Left Behinds

The anti-andrewsullivan.com. Or, the Robin Hood (Maid Marian?) of bright pink Blogger blogs.

Friday, June 16, 2006

Good Neighbors: Beinart Pt. II

Following up on this wildly popular post, I bring readers' attention to this TPM Cafe discussion of Katrina vanden Heuvel's reaction to Peter Beinart's call for anti-jihadist liberalism.

In response to Beinart's beltway crusaderism, Katrina calls for a principled retrenchment of American foreign policy: "Of course, liberals need an effective national security strategy. But can we stop with all the hurrahs about Harry Truman and his liberal national security achievements? What we need to do is reclaim another liberal, internationalist and eminently (as well as ethically) 'realist' foreign policy tradition. It is the 'Good Neighbor' policy crafted and championed by Franklin Roosevelt." Further, she argues that it is deeply misleading to equate Soviet totalitarianism and "jihadism" or, in the conservatives' favorite turn of the phrase, "Islamofascism" (whatever either of those terms means -- haven't any of these critics noticed that they're using a vague, ambiguous, emotionally-laden term right in the center of their arguments?).

Like Tomasky, the TPMC blogger claims that Beinart and Katrina misrepresent Truman, who did not advocate preventive wars, but rather was a multilateralist who emphasized building international institutions. Basically, he argues that Truman should be Katrina's, not Beinart's patron saint:

Truman-era liberal foreign policy is a story about liberal order building. In my book After Victory and elsewhere, I argue that what is special about Truman-era foreign policy is the way it fused power to institutions and liberal purpose. The restraint on American power and the projection of American power went hand-in-hand. Truman and his colleagues blended liberalism and realism in a creative and distinctively American way that led the United States, at zenith of its power, to imagine and build a new type of international order that still stands today as the most stable and successful the world has yet seen.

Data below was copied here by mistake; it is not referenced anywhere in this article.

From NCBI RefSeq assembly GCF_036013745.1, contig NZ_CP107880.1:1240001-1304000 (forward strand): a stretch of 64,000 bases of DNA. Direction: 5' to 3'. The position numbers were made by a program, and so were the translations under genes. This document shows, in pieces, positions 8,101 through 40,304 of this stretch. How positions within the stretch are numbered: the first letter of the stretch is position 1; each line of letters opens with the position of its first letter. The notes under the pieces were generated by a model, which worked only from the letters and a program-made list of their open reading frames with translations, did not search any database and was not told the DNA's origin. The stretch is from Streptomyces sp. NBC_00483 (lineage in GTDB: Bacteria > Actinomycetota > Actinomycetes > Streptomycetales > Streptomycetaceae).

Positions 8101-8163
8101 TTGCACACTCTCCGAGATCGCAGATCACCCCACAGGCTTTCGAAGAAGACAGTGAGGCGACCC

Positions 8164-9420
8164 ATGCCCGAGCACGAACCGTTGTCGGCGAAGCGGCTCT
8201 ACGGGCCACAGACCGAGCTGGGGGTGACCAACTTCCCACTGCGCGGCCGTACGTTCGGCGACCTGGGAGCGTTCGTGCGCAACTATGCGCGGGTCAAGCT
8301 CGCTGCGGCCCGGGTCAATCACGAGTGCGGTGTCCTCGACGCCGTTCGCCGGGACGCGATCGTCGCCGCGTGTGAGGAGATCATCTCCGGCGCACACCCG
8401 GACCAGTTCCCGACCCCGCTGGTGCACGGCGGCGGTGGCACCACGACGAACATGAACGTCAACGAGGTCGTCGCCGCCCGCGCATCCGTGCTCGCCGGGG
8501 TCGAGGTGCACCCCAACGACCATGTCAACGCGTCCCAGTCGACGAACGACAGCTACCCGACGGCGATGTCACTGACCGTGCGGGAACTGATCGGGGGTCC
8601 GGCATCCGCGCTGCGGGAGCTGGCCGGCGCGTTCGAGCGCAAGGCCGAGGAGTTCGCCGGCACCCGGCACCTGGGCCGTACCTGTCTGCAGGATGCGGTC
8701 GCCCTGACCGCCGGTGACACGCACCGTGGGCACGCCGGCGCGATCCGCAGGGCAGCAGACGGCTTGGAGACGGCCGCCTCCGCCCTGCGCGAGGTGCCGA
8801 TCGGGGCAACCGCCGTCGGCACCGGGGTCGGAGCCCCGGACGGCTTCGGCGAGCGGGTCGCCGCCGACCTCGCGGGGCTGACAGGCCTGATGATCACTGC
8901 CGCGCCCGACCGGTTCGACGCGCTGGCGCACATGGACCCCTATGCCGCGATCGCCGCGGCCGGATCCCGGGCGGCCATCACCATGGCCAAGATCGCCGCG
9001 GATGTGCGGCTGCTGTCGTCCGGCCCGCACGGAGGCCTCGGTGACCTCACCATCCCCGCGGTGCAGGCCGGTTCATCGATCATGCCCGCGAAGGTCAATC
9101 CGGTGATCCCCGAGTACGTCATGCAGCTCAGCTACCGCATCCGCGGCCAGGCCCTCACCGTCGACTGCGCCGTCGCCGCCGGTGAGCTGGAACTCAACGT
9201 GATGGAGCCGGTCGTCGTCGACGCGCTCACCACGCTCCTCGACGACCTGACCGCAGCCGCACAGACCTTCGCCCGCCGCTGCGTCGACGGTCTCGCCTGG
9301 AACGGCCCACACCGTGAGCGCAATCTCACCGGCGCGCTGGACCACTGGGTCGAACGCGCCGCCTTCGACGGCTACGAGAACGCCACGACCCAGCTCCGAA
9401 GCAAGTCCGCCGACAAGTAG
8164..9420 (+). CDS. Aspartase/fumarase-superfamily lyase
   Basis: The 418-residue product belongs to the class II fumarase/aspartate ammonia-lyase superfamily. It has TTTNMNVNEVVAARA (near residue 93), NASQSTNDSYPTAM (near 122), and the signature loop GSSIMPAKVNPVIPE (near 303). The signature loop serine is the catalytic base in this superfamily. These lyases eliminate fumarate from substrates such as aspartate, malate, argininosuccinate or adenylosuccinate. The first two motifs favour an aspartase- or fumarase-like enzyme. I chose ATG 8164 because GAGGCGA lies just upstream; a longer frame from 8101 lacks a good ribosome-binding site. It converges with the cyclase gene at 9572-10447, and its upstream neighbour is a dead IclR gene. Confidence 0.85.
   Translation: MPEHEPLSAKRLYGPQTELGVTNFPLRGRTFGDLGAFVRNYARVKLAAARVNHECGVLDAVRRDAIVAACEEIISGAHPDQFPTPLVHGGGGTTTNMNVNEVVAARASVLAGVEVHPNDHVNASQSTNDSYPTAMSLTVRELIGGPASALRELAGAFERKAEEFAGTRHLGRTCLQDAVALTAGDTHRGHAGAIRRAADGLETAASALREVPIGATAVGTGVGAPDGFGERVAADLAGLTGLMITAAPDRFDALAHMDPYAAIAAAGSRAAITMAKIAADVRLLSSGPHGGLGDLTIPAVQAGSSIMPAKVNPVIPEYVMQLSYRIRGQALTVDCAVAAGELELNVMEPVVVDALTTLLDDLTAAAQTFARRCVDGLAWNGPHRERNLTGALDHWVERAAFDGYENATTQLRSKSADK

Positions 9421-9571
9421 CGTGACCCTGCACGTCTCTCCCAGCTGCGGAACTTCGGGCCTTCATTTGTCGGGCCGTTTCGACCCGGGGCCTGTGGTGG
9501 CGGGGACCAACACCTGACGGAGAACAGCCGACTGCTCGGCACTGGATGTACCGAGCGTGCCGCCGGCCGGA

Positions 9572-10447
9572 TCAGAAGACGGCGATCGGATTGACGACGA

I don't know enough about Truman to weigh in, except to say that I like the mulilateralist Truman a lot more than Beinart's Truman.



Tags: news and politics, history, truman, beinart, iraq

2 Comments:

  • At 7:04 AM, Anonymous gatemouth said…

    Sorry, but Beinart's Truman and Tomasky's (and Gate's) are the same guy. While Tomasky and Beinart disagree about the sufficiency of Beinart's contrition about Iraq (and if Beinart had follwed Tomasky's suggestions, his book would be far more powerful and effective among liberals), Tomasky does not seem to disagree with Beinart's basic aasumptions. And, to be fair to Beinart, Beinart is quite clear that multilateralism is amongst the most important things that separates Cold War Liberalism from Bush style unilaterlism.

    Sad to say, but Vanden Hueval differs from both Tomasky and Beinart, who are both Trumanites; she falls more into the line of Henry Wallace.

    The difference on Iraq between Beinart (since recanted) and Tomasky resembles the Vietnam debate between Cold War Liberals like Schlesinger and Niebuhr, who did not see the Vietnam War as a rightful extension of Trumanism (because Ho Chi Minh was a genuine indigenous nationalist, with real popular support, rather than a Soviet imposed stooge), and those like Johnson and Humphrey, et al, who did not understand this. By contrast, Vanden Hueval is more like the Tom Haydens who rejected Cold War Liberalism's entire raison d'etre. While Schlesinger might have been marching against the war with Hayden while johnson stood at his window cursing the marchers, Schlesinger's world view was far more like Johnson's than Hayden's. And Tomasky is more like Beinart than Vanden Hueval.

     
  • At 1:13 AM, Blogger Solomon Grundy said…

    I've decided to read the first couple chapters of Beinart's book before I really reply to this.

    For now, I'll just say that Tomasky, at least, thinks that he and Beinart have very different ideas about Truman, as he made clear in his Slate diatribes: "What infuriated me in the run-up to the war was the complete misreading of the history of the '48ers by many writers and intellectuals, you, I must say, included."

    After I actually read the Beinart, I'll be able to better judge whether Tomasky was misrepresenting Beinart.

     

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